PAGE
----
* Abundant supply keeps pressure on crude
* Dollar at four-year high
* Libya production rises, Hariga port back to normal
(Updates prices to settlement)
NEW YORK, Sept 25 (Reuters) – Brent crude oil prices held
steady while U.S. crude dipped slightly in choppy trading on
Thursday as abundant supply and a strong U.S. dollar largely
outweighed worries that conflict in the Middle East would
Libya’s oil output has climbed to 925,000 barrels per day
(bpd), with the major El Sharara oilfield at 200,000 bpd, an
official with the National Oil Corp said on Thursday, despite
fighting between the factions that divide the country and a
government driven from the capital.
The dollar hit a four-year high as the yield difference
between U.S. and German bonds widened to the highest in nearly
15 years on Thursday, while global equity markets fell sharply
as the stronger dollar pointed to potential earnings losses.
“The weakening euro and yen is keeping the lid on crude oil
prices for sure, as is the global picture in terms of production
levels,” said John Kilduff, a partner at Again Capital LLC in
Brent rose by 5 cents to settle at $97.00 a barrel
after swinging by more than $1 between $96.22 and $97.56
throughout the session. It had hit its lowest since July 2012 at
$95.60 on Wednesday.
U.S. crude, also known as West Texas Intermediate (WTI)
settled 27 cents lower at $92.53.
Front-month U.S. RBOB gasoline futures rose by nearly
5 cents as refinery glitches in the U.S. pushed its premium to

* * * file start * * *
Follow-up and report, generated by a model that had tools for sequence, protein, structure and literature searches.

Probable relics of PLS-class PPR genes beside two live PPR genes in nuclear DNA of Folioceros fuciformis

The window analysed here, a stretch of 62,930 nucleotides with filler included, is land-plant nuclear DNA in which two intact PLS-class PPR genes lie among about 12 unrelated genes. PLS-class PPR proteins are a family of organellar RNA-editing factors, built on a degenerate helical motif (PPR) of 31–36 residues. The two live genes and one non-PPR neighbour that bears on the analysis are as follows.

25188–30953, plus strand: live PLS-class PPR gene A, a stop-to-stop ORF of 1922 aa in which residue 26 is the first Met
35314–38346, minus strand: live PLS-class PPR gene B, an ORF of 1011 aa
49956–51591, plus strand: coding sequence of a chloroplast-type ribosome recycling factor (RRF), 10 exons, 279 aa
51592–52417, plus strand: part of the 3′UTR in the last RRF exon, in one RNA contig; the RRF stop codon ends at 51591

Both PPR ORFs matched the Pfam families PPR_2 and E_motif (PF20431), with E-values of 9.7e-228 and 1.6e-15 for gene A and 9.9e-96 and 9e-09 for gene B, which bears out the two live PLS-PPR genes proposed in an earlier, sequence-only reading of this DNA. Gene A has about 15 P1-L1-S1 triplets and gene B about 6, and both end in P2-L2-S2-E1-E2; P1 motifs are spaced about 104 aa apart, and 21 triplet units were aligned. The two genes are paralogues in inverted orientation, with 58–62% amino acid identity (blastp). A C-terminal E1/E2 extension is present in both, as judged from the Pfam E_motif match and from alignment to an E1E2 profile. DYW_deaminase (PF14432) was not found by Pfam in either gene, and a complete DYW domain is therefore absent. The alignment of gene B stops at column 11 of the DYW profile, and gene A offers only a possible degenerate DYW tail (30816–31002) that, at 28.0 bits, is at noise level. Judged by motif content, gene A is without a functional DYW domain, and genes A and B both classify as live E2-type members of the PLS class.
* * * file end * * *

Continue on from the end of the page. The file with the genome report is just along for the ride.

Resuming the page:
the second-month contract as high as 20 cents on
U.S. air strikes targeted Syrian refineries controlled by
Islamic State. Nineteen people were killed overnight, according
to the Syrian Observatory for Human Rights.
“The prospect of more air strikes might be making people
jittery,” Christopher Bellew, senior vice president with
Jefferies Bache, said.
The dollar’s strength dampened demand for commodities priced
in the U.S. currency at a time when global economic growth is
already lackluster, particularly in the euro zone and China. The
euro reached a 22-month low as speculation grew that the region
would need another stimulus package to spur growth.
U.S. stocks were sharply lower moving into the latter stages
of trading on Thursday, weighed down by a drop in Apple shares,
as each of the major indexes fell more than one percent and the
SP broke below a key support level.
Scattered attacks by rival militias continued across Libya,
but its overall national production has risen.
Officials at Libya’s eastern Hariga oil port said it had
fully recovered from eight months of blockades by protesters and
was exporting more than 120,000 bpd.
(Additional reporting by Libby George in London, Seng Li Peng
in Singapore; Editing by William Hardy, Gunna Dickson and Diane